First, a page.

Darkness is further unified by Springsteen’s introduction of a set of related characters whose socio-economic backgrounds, personal experiences, beliefs, and shared sense of urgency about not allowing their circumstances to destroy them collectively add up to that of a single representative figure. Since the outset of his career Springsteen had been creating a series of “everyman” figures who would be consciously linked from album to album, with their changing circumstances being reflected in each successive album. Thus, DARKNESS can be seen as being specifically a continuation of the story that had unfolded in Springsteen’s previous (1975) album, Born to Run. The songs on BORN TO RUN told the stories of young men feeling stifled, frustrated and bewildered by a life that felt more like a cage than anything else; in that album’s title song, a narrator who spends his days on “the streets of a runaway American Dream” in a “town that rips the bones from your back/It’s a death trap, a suicide rap,” seeks companionship, escape, and a better life with a woman named Wendy, with “chrome-wheeled, fuel-injected” car being both the literal means of escape and a symbol of personal freedom, the road offering the same kind of promises that the “open road” has always offered Americans from the time of Huck Finn up through Kerouac’s hipsters (note the allusion to these figures at the conclusion of “Racing in the Streets”). In BORN TO RUN, even though a certain amount of fear begins to creep into the lyrics, these young men retain a sense of hope and faith that simply running away from their problems (a classic, arguably THE classic motif in American literature) is an option that can lead to a better life.

In DARKNESS, however, Springsteen—now 28 years old—picks up the story of the lives of these characters three years on down the road, so to speak. Which is to say that we are now given intimate, troubling glimpses into the lives of men who ran away--and who now find themselves running out of options.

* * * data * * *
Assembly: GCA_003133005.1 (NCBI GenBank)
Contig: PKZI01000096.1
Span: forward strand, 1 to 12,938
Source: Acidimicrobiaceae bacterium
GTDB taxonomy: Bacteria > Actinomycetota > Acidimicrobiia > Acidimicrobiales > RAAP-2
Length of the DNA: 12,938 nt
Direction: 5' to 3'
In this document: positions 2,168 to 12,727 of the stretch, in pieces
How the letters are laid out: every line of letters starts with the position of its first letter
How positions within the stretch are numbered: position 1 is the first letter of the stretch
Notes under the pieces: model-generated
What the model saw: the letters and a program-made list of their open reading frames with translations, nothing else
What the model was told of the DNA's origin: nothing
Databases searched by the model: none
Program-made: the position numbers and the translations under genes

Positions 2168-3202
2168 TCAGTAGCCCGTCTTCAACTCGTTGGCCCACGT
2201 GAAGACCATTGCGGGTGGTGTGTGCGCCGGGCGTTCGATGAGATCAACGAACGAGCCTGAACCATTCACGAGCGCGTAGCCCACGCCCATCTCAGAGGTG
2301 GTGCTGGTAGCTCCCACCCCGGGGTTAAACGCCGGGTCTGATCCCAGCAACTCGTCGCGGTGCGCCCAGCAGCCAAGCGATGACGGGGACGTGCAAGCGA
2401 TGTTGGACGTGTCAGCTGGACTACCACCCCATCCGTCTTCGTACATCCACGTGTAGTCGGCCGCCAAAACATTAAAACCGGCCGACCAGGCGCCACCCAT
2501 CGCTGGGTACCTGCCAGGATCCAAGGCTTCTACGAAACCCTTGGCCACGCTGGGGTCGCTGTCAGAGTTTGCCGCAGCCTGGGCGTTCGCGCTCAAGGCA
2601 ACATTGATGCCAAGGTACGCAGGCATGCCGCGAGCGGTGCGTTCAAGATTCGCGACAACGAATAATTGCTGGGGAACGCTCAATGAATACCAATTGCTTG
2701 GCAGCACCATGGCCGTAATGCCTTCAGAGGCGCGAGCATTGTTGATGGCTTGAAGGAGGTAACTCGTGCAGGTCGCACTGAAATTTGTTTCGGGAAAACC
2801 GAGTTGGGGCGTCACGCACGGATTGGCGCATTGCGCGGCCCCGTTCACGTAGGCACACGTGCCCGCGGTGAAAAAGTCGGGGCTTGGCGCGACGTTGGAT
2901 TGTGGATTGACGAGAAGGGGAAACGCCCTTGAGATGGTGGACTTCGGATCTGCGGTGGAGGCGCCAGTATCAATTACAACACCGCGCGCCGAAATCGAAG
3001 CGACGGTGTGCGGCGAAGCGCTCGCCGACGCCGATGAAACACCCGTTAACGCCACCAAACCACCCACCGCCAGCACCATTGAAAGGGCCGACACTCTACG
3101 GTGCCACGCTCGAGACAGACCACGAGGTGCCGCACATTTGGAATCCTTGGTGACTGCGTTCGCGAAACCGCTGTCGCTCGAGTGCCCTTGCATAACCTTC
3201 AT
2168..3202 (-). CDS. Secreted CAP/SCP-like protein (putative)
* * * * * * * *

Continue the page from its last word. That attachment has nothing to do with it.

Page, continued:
The songs on DARKNESS, then, examine and give voice to a series of characters for whom hard times, frustration, isolation, and disillusionment have offered a harsh “wake up call” that has largely dispelled the romanticism, optimism and naiveté that set them off in search of “The Promised Land” in the first place. These carefully crafted lyrics, created in a style influenced now more by Hank Williams than Bob Dylan, provide listeners with plenty of hints and insights about what is responsible for the sense of desperation felt by most of these characters; throughout the album we witness their struggles to rise above the socio-economic situations that threaten to grind them down and break their spirits, their sense of isolation and inability to communicate with others, their desire for some measure of “control” (a key word in several of these songs). In songs like “Badlands,” “Racing in the Streets,” “Darkness on the Edge of Town,” “Prove It all Night,” we also observe their efforts to find alternatives to what’s happened to people around them—men who “start dying little by little, piece by piece.” Springsteen depicts these lives via the use of a series of familiar metaphors and symbols--most notably those of the car and the road, and of the “darkness” referred to in the album’s title—which are introduced into various stories and narrative contexts as a means of suggesting a wide range of specific emotional states, fears and longings, and other “meanings” and associations..